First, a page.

Monday, 25 September 2017

Coming Home and Touching Base

I had a hectic day today: Little Lady's secondary school appeal, Baby’s first morning at nursery, Darling’s first full day at reception and a meeting with Gorgeous’ teacher to discuss the process of applying for secondary schools and Year 6 SAT tests, all before 10am.  Hubby and I split the meetings and drop-offs between us then met up again for him to take me to work.  Work was varied, interesting and full-on: a new mobile working project, a request for some analysis, information requests, meeting invites and a lunch date with friends.

So of course coming home means some rest at last: taking off your shoes and hijab, sitting down for a bit before you have to make dinner, perhaps even a nap.  Or not.  When you are the lady of a busy household, you don’t belong to yourself.  You are the centre of everyone.  You are their solace, their refuge, their therapy.  You are a welcoming pair of arms, a warm lap and sometimes even a punch bag for grumpy little people that need to vent.  You are the answer to everyone’s problems: “I’m hungry”, “I’m tired”, “I hate x”, “I need help with my homework”, “I can’t find my swimming kit”.

You have had a long day and they have had a long day too, you make theirs so much better.  I usually find a scrum as I get through the door:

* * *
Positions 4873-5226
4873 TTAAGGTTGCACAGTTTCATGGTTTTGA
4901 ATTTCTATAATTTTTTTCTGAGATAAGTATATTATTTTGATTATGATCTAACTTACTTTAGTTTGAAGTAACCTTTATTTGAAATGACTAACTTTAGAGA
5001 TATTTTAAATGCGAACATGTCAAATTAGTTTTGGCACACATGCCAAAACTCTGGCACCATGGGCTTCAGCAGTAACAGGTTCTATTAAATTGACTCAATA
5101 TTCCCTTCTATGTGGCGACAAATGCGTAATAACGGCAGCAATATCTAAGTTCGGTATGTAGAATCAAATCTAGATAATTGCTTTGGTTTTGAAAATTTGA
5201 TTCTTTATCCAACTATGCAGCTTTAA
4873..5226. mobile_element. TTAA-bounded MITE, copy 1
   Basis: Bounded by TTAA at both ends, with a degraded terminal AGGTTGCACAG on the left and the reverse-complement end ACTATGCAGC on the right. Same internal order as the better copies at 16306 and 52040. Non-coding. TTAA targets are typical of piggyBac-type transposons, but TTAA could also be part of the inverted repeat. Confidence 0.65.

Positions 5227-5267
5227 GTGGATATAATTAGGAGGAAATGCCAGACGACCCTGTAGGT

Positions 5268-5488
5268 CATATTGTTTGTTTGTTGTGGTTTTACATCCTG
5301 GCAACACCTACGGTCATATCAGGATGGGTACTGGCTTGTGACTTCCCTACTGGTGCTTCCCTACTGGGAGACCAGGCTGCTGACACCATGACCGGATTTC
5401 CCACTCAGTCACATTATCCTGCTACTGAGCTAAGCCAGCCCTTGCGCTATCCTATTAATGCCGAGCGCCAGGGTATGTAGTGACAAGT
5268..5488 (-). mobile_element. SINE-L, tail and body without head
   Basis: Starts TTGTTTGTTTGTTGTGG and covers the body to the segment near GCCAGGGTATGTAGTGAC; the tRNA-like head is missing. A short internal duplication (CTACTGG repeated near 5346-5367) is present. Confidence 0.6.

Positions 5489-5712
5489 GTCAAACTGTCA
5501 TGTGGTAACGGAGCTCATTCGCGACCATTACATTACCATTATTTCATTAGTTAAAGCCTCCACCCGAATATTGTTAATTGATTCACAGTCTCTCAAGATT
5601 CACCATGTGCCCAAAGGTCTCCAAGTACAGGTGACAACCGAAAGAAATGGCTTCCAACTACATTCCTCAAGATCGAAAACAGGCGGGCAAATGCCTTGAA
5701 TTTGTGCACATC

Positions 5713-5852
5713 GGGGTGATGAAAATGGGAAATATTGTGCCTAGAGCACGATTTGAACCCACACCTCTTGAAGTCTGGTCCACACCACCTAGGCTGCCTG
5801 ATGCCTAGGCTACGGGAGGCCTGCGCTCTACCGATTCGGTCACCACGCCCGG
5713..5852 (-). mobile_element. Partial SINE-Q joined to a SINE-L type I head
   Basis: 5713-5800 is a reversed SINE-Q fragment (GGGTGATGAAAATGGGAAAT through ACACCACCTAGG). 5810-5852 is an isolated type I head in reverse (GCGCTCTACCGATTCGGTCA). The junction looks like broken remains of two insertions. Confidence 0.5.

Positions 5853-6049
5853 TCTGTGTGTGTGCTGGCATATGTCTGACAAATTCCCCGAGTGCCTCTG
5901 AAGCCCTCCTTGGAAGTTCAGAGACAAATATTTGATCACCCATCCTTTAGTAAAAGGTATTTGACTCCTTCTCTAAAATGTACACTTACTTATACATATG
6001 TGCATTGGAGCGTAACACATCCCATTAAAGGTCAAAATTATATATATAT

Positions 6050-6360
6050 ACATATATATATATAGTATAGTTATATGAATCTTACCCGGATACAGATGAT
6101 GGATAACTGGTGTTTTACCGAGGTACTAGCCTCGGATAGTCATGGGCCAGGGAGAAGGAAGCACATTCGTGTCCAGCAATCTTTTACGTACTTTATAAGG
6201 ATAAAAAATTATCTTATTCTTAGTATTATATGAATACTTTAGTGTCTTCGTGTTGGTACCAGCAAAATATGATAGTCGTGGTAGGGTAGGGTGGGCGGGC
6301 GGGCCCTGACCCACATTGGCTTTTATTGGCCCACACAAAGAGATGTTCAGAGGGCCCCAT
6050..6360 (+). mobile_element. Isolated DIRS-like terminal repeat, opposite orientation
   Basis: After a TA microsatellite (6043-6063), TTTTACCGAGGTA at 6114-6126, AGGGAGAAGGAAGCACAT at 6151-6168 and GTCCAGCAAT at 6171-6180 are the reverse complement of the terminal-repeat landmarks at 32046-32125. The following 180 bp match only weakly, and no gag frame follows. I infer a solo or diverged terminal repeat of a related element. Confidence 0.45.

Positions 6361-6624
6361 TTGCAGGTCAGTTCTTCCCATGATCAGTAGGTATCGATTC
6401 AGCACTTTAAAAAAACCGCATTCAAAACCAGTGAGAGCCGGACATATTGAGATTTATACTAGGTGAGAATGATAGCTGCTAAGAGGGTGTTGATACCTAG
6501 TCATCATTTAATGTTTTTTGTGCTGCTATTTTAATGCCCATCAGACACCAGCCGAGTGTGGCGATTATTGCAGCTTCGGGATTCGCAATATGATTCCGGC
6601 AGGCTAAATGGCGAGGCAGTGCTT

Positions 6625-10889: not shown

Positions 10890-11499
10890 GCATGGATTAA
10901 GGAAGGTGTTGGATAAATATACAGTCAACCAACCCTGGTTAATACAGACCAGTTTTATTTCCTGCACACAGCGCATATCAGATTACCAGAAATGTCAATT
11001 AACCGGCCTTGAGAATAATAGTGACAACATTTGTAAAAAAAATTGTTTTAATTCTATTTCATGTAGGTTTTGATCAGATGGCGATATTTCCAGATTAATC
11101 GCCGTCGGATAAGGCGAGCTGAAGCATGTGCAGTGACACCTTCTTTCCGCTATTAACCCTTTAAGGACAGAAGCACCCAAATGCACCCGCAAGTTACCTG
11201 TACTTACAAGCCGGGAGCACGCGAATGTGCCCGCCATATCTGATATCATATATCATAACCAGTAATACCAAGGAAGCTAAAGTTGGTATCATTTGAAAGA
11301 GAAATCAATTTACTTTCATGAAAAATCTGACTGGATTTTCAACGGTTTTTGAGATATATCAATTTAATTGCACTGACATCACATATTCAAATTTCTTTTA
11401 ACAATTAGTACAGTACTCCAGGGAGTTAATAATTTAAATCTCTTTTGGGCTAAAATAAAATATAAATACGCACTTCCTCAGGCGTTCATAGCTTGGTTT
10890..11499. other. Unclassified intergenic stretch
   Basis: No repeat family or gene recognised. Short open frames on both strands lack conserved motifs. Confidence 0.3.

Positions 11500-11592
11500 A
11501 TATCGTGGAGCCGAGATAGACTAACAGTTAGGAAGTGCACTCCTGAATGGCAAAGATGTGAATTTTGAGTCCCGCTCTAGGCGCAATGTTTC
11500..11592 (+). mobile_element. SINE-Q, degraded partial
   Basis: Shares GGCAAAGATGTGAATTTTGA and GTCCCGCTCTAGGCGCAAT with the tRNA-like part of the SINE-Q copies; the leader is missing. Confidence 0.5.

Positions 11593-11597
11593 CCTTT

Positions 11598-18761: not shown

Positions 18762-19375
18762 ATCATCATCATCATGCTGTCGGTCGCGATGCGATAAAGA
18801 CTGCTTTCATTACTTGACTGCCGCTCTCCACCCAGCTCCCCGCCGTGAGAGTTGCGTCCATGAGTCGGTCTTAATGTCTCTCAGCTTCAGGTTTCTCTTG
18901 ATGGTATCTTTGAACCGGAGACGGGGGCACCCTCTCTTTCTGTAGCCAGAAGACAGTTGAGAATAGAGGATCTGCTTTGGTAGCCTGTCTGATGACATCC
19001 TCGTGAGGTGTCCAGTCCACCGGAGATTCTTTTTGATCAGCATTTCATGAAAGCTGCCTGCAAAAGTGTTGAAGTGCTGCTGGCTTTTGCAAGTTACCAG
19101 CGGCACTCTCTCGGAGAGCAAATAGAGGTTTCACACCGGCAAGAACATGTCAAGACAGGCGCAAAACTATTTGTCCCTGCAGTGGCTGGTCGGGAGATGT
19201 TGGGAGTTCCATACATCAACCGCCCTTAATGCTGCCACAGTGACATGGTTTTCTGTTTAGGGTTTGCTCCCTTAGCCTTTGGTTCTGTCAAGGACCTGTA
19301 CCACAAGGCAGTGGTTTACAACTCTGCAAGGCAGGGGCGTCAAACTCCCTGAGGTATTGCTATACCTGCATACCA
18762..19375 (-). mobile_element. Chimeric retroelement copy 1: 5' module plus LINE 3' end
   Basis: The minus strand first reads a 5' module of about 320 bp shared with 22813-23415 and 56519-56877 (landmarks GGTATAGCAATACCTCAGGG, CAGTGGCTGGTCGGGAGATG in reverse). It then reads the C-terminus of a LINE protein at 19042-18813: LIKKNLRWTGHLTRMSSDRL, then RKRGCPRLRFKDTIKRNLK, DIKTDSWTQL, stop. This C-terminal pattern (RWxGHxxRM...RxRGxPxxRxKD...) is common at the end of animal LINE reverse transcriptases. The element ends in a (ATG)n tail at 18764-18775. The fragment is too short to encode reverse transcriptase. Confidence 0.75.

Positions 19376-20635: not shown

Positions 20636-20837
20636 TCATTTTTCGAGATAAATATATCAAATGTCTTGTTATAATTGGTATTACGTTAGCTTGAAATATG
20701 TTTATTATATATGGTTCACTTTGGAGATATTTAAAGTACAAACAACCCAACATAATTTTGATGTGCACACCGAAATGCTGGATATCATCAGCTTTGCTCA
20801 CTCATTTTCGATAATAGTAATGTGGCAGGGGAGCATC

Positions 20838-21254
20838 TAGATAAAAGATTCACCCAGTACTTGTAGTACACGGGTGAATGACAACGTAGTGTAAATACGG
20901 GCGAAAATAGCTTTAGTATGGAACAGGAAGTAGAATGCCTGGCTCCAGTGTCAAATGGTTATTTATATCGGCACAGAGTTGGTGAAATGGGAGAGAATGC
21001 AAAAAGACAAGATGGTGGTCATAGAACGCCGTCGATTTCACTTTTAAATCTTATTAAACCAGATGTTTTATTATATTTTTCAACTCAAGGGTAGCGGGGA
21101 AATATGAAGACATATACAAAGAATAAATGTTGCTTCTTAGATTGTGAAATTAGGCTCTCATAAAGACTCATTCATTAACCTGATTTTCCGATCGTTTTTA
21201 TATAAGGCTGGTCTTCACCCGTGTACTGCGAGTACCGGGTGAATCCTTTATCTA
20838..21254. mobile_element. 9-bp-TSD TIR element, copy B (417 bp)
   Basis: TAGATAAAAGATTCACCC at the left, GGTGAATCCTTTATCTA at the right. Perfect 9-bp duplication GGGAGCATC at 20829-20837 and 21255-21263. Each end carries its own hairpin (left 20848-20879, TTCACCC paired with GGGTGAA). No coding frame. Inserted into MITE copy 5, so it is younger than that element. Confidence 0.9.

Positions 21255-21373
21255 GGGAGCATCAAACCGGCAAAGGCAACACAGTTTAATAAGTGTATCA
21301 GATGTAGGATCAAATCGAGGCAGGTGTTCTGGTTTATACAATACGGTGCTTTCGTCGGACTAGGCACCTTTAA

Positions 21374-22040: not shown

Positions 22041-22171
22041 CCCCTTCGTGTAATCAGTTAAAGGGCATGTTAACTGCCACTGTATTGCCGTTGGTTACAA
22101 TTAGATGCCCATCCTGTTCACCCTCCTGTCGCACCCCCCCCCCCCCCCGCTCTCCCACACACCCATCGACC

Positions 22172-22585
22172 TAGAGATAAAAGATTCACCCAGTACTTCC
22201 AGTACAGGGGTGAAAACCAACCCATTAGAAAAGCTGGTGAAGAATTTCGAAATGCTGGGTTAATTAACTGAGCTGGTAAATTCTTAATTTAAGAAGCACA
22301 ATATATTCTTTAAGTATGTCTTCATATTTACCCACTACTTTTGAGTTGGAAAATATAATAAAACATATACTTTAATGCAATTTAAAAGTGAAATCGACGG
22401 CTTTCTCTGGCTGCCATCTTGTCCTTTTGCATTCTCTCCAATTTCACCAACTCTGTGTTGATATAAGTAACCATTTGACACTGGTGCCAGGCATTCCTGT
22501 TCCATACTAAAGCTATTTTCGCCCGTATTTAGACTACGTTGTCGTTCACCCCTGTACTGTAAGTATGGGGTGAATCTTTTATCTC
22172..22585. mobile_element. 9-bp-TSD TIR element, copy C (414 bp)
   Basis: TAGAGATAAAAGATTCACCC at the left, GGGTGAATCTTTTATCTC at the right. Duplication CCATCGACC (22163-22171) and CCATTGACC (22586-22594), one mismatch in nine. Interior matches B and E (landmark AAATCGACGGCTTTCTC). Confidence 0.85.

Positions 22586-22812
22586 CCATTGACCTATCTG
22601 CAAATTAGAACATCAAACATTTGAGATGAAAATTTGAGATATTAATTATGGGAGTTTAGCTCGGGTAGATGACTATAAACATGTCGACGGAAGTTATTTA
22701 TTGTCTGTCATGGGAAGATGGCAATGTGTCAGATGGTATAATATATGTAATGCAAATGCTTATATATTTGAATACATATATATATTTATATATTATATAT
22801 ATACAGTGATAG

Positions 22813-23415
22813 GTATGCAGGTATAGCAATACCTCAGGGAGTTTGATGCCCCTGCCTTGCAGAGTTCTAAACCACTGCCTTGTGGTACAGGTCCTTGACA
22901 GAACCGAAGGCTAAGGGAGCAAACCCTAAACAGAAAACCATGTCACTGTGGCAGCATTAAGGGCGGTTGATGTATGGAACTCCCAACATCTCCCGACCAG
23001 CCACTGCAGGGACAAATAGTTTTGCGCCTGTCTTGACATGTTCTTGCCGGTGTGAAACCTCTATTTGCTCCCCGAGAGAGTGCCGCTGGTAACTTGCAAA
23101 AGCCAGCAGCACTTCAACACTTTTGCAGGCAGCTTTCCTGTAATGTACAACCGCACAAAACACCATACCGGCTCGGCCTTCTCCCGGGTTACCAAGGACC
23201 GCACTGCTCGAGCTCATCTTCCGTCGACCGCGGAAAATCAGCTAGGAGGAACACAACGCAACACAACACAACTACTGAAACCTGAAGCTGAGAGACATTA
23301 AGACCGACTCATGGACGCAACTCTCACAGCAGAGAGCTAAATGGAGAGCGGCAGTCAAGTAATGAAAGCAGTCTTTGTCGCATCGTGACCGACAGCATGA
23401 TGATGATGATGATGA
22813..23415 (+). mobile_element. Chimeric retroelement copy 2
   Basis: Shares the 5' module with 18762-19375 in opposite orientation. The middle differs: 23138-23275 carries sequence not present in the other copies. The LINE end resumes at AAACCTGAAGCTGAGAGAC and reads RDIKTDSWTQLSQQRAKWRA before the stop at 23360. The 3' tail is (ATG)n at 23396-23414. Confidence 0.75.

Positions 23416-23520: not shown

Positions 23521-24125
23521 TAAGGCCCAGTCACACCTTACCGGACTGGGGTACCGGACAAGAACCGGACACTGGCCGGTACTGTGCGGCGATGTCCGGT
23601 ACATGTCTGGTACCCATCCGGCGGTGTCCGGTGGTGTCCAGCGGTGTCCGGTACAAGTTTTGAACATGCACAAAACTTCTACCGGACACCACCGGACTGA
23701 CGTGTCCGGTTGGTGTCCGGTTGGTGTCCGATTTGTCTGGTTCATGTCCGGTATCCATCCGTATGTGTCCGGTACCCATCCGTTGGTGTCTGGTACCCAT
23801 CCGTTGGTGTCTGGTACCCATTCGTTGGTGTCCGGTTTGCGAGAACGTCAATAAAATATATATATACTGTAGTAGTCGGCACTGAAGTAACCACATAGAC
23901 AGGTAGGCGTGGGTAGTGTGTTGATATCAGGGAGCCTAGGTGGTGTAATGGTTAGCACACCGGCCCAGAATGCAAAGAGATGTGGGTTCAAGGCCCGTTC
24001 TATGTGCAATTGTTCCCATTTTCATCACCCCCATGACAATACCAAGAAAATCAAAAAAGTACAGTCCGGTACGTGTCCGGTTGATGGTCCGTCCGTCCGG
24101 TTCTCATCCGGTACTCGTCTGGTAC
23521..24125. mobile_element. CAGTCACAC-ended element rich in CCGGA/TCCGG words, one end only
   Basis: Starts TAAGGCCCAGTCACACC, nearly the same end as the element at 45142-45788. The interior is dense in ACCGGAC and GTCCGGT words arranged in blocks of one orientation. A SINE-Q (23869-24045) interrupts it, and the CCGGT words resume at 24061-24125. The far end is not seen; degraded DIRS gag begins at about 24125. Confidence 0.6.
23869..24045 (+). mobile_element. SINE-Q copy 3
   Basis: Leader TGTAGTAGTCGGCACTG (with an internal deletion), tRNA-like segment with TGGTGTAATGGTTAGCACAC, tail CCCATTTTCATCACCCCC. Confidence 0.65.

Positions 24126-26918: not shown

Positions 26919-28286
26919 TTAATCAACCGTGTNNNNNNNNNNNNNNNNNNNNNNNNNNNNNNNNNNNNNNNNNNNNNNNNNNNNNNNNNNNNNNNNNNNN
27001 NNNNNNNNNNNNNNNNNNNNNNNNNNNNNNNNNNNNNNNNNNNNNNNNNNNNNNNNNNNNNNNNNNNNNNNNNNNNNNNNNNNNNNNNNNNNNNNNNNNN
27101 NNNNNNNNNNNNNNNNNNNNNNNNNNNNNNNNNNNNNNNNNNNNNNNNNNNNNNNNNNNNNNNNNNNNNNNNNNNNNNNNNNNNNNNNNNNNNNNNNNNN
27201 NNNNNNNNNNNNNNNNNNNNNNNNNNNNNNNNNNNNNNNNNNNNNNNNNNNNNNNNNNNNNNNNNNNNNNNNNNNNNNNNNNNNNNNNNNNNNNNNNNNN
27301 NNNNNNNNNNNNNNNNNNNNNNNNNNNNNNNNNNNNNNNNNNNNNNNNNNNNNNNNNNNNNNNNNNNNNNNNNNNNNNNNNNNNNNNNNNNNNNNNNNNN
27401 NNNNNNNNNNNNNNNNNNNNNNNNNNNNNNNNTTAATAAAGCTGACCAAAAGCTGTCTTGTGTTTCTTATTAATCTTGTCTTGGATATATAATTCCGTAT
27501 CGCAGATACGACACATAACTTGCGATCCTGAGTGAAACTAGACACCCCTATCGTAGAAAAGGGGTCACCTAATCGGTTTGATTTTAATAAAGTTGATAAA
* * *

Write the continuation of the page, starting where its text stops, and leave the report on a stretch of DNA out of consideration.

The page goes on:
Darling: “Mama I’m soooo tired”
Little Man: “Guess what, I’m going to audition for the school play, it’s Aladdin.  I want to be the monkey and I get to miss two days of classes”
Mum-in-Law: “You’re mum and dad were here, you just missed them, they brought me lunch”
Baby: “Mamaaaaa” – arm’s outstretched
Husband: “Can you kids take the noise in the other room, we can’t hear each other”
Guest: “There you are, good to see you.”
Little Lady: “I feel sick mum, I’m going to bed, wake me up in a little while, I have homework”
Gorgeous: “I’m starving mum, did you get us anything?”

Pretty much all at the same time.  It takes about 20 minutes for everyone to get heard and acknowledged and for me to get to hear a little about how their day has been.

But this is one of the most important parts of my day.  It sets the tone for the evening.  I can make sure the babies get lots of hugs and cuddles, which brings me comfort too.  I check what everyone has had for lunch, or as often is the case with hubby and mum-in-law if they even got round to having lunch.  I check who has prayed and who still needs to and we work out who gets to use the computer for homework first.

Then I get to take my hijab and abaya off, freshen up, take stock of the state of the house and start dinner, with everyone knowing what they have to do next.


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